Kim Dotcom Domain Dispute Settled, Next Up: Supreme Court Extradition Ruling

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After falling into third-party hands, the main domain of Kim Dotcom's project has been returned following a settlement agreement. While this progress is being welcomed by the Megaupload founder, even more serious matters lie on the horizon. Will the New Zealand Supreme Court decide against extradition to the US? Dotcom predicts that while close, the judgment will not go in his favor.

Kim Dotcom’s under-development file-sharing/crypto project had problems recently when its main domain fell into third-party hands.

As previously reported, communication issues with the registry led to the domain expiring and it was quickly snapped up by Kalin Karakehayov, an expired domain specialist.

Dotcom informed TF that the project’s lawyers filed a complaint with the domain registrar in the hope that the domain would be returned. Indeed, following a review process completed around two weeks ago, the .IM registry determined that since the registration by Karakehayov had been abusive, the domain should be transferred back to the project.

On the day the decision was handed down, Karakehayov told TF that he intended to appeal. However, just two weeks later it now appears that peace has broken out.

“After getting to know the people behind, we have agreed to a small, cost-covering settlement to save mutual legal expenses and downtime of their project,” Karakehayov told us via email.

“They were very fair in its implementation that due to time constraints was based on pure trust from both sides. We’re on good terms and I wish all the best for their project.”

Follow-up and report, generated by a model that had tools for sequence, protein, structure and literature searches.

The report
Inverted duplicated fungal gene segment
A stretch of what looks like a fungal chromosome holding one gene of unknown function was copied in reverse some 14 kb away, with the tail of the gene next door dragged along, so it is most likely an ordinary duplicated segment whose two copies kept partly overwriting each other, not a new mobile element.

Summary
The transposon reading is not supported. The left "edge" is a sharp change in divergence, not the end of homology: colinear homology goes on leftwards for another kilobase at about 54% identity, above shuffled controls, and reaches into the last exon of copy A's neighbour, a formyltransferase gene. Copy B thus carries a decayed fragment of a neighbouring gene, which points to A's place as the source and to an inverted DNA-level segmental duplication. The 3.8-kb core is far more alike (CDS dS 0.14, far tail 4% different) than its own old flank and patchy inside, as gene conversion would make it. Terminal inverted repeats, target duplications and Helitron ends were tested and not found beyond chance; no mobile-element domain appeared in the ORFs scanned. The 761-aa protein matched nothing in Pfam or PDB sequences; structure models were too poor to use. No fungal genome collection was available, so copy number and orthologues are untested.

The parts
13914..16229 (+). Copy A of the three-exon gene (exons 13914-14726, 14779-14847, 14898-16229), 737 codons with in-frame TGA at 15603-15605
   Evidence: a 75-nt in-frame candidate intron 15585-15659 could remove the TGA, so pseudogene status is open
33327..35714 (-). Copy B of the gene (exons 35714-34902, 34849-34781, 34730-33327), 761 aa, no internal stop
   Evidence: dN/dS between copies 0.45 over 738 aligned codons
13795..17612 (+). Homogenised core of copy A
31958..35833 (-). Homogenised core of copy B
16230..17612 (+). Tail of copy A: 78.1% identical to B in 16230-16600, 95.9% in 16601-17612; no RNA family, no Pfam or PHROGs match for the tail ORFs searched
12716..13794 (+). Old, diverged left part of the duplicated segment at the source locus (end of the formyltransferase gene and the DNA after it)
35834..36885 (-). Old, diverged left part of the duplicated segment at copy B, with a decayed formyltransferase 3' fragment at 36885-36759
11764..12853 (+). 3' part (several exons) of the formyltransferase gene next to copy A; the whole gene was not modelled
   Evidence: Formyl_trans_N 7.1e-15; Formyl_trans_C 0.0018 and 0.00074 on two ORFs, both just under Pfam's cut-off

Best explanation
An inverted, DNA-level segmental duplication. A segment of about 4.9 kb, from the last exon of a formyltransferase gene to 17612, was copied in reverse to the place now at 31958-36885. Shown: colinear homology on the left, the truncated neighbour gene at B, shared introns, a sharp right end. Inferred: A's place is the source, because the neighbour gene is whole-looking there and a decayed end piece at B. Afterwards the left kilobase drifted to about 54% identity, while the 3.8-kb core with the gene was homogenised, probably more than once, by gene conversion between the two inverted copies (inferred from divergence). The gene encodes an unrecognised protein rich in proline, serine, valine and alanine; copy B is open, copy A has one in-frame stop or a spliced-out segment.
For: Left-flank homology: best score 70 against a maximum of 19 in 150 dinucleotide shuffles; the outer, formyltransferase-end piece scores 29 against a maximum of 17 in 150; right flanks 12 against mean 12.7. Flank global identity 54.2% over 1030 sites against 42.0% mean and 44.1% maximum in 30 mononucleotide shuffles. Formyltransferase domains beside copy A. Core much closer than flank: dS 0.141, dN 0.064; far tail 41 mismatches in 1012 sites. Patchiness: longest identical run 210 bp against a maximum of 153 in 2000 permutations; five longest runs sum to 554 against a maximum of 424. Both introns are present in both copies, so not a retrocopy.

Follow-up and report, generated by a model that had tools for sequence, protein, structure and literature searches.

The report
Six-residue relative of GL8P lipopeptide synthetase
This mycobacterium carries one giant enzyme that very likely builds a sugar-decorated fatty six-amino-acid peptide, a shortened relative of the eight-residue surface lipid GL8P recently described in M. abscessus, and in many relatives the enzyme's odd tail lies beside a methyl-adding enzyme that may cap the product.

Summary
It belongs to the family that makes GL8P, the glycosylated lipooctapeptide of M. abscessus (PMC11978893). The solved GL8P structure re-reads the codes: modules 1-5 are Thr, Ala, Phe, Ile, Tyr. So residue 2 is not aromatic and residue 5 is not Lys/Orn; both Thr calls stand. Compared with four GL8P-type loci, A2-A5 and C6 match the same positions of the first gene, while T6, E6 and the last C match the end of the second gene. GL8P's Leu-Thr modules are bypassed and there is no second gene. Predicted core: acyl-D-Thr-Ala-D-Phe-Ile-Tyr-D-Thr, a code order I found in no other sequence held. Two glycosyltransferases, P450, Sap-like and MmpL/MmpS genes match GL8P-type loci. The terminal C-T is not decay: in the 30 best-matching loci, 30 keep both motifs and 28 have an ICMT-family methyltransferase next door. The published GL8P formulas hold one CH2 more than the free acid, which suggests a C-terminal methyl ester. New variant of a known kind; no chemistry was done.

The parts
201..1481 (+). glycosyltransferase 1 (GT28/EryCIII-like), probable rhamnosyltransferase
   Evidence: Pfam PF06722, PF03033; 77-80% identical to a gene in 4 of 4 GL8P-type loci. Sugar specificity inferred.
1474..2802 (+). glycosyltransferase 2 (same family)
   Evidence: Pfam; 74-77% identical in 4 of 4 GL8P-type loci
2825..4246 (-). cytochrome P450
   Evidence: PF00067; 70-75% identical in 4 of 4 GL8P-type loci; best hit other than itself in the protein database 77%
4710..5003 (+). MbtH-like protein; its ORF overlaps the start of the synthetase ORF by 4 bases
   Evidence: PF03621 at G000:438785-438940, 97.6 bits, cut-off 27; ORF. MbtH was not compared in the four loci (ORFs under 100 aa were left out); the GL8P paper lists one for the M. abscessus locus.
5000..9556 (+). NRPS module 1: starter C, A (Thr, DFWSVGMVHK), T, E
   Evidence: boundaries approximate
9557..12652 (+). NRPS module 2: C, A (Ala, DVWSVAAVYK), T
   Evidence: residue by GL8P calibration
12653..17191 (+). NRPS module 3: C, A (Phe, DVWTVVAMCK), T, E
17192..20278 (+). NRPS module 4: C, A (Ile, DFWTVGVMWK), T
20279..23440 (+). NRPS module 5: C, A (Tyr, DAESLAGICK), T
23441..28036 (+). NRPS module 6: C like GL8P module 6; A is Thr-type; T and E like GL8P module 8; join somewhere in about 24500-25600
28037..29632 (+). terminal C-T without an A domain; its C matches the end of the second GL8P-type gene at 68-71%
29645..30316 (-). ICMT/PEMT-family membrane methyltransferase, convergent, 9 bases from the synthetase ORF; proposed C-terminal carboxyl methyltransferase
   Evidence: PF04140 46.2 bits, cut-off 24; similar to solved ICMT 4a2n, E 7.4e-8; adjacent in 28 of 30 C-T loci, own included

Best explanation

With the domain now apparently back in the hands of the project, TorrentFreak caught up with Kim Dotcom who informs us that he didn’t personally speak to Karakehayov but the end result is welcome.

“We are happy to have the domain back,” he says. “We are aiming to release this year and I’m confident that millions of users will love it. We are changing how commerce is done on the Internet for the benefit of all. You can expect some whining from the established monopolies.”

While Dotcom is pleased that this latest roadblock has been overcome, the New Zealand-based entrepreneur has bigger issues to deal with. Specifically, a Supreme Court judgment that will decide whether he and his former Megaupload colleagues will be extradited to the United States to face copyright infringement, racketeering, and money laundering charges – not to mention the possibility of decades in prison.

The Supreme Court hearing took place in June 2019 after several lower courts had determined that Dotcom, Mathias Ortmann, Bram van der Kolk, and Finn Batato can be sent to the United States to face justice. The defendants are hoping that the Supreme Court will decide to the contrary.

Dotcom informs TorrentFreak that he doesn’t have a date for the judgment but he’s nevertheless looking forward to “dissecting the judgment with the best legal minds.” That being said, he isn’t optimistic that the decision will go in his favor.

“I expect a 3:2 majority in favor of extradition because three of the five judges were appointed by the National Party and the former Attorney General who was responsible for the actions taken against me in New Zealand. This is a political case and it will most likely be a political judgment,” he says.

“The law in New Zealand couldn’t be more favorable for me so the judgment will probably be a hack of the law for the history books.”

While another adverse ruling would represent a significant setback for Dotcom, he maintains that the battle against extradition is far from over.

“The process doesn’t end with this judgment (unless I win) and Crown Law suggested at the start of the hearing that we could be fighting for another seven years until any finality is achieved,” he concludes.

If that timeline of events plays out, it will have been 15 years since the shuttering of Megaupload and the raid on Dotcom, his twins born in 2012 will be almost ready to leave school, and at least two US presidents will have come and gone.


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